Of Roads and Bridges

About 350 years ago, a shipload of travelers landed on the northeast coast of America. According to one author, the first year they established a town site. The next year they elected a town government. The third year the town government planned to build a road five miles westward into the wilderness. In the fourth year the people tried to impeach their town government because they thought it was a waste of public funds to build a road five miles into a wilderness. Who needed to go there?

What happened to these people? History has validated the foresight of the town government. But, what made the people, who most likely spent years planning their pilgrimage to this land in which they envisioned new freedom, become so short-sighted so soon?

During those early years, they had known their struggles. Hardships had been their constant companions. These, no doubt, took their toll on their spirits. They surely had their share of heartache, too. During this time, every family had likely known the heart-hammering pain of the death of at least one loved one. And, who can list the number of disappointments they had known?

Frequent setbacks, multiple heartaches and hounding hardships have a way of squelching the pioneering spirit. They leave people feeling deflated, defeated and in despair. In the face of such circumstances people are hardly able to focus on much more than surviving another day.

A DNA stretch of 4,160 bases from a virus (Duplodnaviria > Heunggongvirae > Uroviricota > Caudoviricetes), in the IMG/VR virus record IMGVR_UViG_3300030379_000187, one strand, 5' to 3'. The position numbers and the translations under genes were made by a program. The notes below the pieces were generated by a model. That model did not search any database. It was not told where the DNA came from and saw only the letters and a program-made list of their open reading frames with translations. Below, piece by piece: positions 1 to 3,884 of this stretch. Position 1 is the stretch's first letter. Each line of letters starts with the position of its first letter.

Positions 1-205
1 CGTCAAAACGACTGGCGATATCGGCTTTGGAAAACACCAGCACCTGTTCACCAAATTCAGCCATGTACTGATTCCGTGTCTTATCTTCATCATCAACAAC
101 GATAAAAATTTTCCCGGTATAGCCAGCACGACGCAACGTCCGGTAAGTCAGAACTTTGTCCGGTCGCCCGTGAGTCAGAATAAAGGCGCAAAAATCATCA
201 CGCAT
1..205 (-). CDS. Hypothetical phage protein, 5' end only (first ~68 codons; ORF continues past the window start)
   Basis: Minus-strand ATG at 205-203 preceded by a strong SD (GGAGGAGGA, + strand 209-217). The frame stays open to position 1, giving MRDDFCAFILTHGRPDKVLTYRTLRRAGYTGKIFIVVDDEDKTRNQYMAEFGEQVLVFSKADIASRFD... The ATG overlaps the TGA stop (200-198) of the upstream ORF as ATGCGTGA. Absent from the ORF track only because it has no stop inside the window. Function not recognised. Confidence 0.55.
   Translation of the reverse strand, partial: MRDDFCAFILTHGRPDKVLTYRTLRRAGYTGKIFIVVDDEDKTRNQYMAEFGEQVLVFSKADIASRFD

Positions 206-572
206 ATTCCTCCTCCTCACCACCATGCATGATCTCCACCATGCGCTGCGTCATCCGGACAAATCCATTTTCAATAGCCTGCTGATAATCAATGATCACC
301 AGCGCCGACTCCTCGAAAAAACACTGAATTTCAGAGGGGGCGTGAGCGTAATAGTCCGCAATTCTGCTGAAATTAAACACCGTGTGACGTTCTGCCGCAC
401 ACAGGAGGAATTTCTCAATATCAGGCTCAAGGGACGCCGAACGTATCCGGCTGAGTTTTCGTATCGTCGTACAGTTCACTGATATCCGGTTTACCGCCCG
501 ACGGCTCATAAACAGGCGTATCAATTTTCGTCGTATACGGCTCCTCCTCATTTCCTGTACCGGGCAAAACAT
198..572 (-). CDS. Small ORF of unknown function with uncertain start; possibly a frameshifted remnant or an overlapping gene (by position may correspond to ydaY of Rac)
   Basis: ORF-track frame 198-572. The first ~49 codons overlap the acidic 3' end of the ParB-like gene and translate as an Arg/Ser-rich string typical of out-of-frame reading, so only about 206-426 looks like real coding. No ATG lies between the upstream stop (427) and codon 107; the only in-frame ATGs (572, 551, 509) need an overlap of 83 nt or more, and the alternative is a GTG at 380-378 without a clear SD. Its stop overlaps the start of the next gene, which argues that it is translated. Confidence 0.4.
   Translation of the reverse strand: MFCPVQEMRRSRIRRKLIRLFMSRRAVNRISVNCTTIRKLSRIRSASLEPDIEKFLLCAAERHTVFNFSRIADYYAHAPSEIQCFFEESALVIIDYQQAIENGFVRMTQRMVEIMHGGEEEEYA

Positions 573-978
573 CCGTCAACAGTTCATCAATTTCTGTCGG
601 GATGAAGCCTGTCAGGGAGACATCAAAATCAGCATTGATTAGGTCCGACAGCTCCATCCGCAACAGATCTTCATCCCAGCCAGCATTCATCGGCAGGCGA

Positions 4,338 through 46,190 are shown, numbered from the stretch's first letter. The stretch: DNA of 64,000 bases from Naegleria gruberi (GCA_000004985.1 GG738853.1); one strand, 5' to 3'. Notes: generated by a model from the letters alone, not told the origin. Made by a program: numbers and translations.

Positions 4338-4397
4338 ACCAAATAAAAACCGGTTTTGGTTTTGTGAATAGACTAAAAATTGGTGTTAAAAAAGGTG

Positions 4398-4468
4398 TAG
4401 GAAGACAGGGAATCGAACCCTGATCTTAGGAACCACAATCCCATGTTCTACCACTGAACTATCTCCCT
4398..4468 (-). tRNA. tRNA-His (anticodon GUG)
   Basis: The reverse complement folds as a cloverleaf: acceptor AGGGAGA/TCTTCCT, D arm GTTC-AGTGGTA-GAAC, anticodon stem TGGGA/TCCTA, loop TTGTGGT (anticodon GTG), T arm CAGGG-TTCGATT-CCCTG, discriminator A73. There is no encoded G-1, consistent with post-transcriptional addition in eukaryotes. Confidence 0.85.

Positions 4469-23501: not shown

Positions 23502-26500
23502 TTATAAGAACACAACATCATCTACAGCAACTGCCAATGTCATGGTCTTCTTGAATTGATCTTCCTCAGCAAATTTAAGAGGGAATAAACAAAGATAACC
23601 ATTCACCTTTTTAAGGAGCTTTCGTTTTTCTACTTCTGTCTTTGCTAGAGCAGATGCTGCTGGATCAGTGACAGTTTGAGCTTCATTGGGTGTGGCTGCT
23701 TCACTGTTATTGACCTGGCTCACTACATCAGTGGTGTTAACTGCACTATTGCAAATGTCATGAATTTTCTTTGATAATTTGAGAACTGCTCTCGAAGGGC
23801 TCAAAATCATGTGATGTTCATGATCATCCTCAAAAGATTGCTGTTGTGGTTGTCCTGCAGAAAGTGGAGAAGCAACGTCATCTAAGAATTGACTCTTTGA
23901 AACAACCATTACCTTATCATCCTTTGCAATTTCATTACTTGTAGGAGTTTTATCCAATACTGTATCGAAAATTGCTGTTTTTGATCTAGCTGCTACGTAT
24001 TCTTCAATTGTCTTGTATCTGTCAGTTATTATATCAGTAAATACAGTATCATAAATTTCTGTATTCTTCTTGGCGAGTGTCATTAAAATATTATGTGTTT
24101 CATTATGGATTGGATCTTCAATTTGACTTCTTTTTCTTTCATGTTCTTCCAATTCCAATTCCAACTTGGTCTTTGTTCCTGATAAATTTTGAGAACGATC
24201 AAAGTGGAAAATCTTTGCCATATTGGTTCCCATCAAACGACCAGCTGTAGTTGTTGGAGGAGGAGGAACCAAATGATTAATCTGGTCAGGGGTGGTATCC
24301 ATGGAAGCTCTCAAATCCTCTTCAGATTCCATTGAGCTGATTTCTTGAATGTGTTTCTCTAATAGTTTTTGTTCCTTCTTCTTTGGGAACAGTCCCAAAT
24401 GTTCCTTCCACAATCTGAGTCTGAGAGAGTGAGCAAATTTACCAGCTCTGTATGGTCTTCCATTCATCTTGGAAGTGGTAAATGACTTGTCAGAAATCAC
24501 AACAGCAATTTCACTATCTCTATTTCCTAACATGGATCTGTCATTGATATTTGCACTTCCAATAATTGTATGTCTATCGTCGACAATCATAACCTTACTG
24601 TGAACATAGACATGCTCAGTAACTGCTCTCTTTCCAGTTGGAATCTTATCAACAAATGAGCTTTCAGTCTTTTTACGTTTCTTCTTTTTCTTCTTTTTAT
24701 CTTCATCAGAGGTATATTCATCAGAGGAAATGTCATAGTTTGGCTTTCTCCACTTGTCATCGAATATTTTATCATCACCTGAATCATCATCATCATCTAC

Indeed, survival for these people was not something to be trivialized. Survival, for them, had become everything—the only thing. Their concern for survival moved them to become self-absorbed. They could not see beyond their own interests and concerns to consider the needs of the next generation, much less generations to come.

These historical events are a microcosm of life. Though we are not faced with the same circumstances, what happened to these people often happens to us in our pilgrimage on earth. We have struggles that are just as real. Sometimes survival is just as much an issue for us as it was for them. As it did for them, these circumstances rob us of one of the most “cherishable” aspects of our Christian life. What is it? It is hope!